ISTOCK / CLOVERCITY

ON DECEMBER 14TH, 2016, after experiencing what some cities might consider a “dusting” of snow, I spent three hours in the car trying to get to the airport to pick up a visiting friend. At some point during that drive, a switch flipped in my brain. I wasn’t in my car on Columbia waiting for some Tercel a mile up to stop spinning its tires and get on its way, I was in a warm whiskey bar, cupping my hands around a glass of brown grain spirit.

Like a rogue Westworld robot, I lived in these reveries between spurts of action (feet or inches gained, passing a school bus at 3 mph, etc). As I passed a Car2Go on the curb, its hazards flashing and its driver screaming silently into the night, my dashboard shimmered and stretched into the glittery gold bartop at North Portland’s Pinky’s Bar Nowhere. I sipped a Campbeltown whiskey—say, the Springbank 16, finished in amontillado casks. Or I was at Paydirt in the Zipper Building on NE 28th and Sandy, warmed by a rare bourbon and a Fernet Branca on draft.

But where I really wanted to be was a neighborhood bar with a legitimate whiskey list, a TV or two, and at least some measure of comradely coziness. You can find this anywhere: a friend in the Brooklyn neighborhood introduced me to the Brooklyn Park Pub, which fits the bill to a tee. Like my own neighborhood whiskey bar (Paydirt’s older sibling the Old Gold), the Brooklyn Park Pub has a chalkboard of available whiskeys and a whiskey club. Complete a certain number of tastings to earn access to the special reserve of rare bottles—and an everyday discount on whiskey.

Brooklyn Park Pub feels like the Old Gold might feel in 10 years: over itself, bored of its “Whiskey Land” (it’s on the sign) novelty and nestled into its shtick like an aging tomcat in a pile of worn out shoes. Where OG’s chalkboard is meticulously clean and organized, a high contrast white on black, the Brooklyn Park Pub’s whiskey list is chicken scratched onto an apparently castaway schoolroom board the color of questionable gravy. On a recent night, a handful of modest HDTVs played various local basketball games while one very old screen showed Groundhog Day on a loop—perfect for a snow day.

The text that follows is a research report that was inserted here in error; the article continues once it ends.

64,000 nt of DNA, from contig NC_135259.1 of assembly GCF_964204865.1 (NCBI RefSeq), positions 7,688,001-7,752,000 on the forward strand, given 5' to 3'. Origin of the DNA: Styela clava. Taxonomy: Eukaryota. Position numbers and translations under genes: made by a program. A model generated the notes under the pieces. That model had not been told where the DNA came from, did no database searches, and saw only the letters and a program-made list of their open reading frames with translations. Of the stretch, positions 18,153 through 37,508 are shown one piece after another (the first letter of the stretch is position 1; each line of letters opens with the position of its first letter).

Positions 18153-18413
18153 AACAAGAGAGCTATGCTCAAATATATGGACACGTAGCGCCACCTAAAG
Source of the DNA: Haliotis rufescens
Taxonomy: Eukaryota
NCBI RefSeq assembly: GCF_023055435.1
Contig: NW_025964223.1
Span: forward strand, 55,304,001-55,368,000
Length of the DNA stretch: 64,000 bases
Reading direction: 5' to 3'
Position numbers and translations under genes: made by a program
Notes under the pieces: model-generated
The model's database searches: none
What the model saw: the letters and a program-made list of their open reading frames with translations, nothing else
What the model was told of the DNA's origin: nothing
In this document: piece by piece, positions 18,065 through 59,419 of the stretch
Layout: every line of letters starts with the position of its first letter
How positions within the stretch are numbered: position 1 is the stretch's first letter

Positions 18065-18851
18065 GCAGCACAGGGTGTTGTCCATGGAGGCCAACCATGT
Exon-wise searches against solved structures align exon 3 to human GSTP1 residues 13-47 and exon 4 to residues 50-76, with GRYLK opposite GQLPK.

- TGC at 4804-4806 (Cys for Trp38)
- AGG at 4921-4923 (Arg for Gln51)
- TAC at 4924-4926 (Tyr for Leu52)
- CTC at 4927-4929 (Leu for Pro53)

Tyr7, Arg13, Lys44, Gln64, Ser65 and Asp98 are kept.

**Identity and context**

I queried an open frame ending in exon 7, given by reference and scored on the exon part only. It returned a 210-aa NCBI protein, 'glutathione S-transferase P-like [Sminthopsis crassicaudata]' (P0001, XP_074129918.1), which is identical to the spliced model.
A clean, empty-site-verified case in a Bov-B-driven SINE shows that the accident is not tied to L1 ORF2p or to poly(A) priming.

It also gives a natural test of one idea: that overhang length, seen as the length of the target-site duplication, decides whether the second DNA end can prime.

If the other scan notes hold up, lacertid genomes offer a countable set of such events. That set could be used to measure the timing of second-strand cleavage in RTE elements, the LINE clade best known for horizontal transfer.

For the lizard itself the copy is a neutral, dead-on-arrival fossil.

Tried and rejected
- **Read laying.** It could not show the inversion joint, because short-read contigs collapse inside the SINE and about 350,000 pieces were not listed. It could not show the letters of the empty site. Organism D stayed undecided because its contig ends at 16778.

Back in reality, supposedly still driving—if you could call waiting for a friendly pickup truck driver to tow a fellow adult’s sedan up a highway off-ramp “driving”—I added the Brooklyn Park Pub to the list of whiskey bars I would visit if I didn’t grow old, marry, raise children, and eventually die, sober in the driver’s seat of my Ford Escape. With that sweet thought of escape on my mind, I once again astral projected myself south, past Brooklyn down to Sellwood-Moreland, where I could again sink into a trusted friend’s go-to whiskey den: Kay’s at Milwaukee and Bybee.

Kay’s is a classic: a big, simple neon sign over glass block windows and old school pub awnings; a long bar along one wall with what looks like a second interior roof over it; and a strangely open floor plan ringed by booths you can fall into and not surface from for months. A bar where, my friend points out, they pour the wells straight from unwieldy 1.5 gallon bottles. The whiskey list isn’t mind-bogglingly extensive, but it’s thoughtful and has something for every whiskey drinker.

It seems a whiskey bar is always close at hand. Even some of the breweries low-key pride themselves on whiskey—just check Ex Novo. Under the lofted second floor seating are a handful of tables and booths intimate enough—and a whiskey menu impressive enough—to make you forget you’re in a working brewery.

There is, however, one place you can go in Portland where you won’t be a stone’s throw from a warm, welcoming whiskey bar: trapped in the snow on Columbia Boulevard, between 47th and 60th or Cully and 82nd. (Don’t think I didn’t consider abandoning my car and scrambling over the railroad tracks to down one or two at the Railside Pub. But face it, if you have two at the Railside, you’re gonna have 10.) When I finally did reach the airport literally three hours later—haggard, cold, hopelessly sober—I’d learned my lesson: Next time someone’s flying into town to see me—snowy winter night or clear summer day—I’m buying them a cab. And when they show up, there will be a glass of whiskey waiting.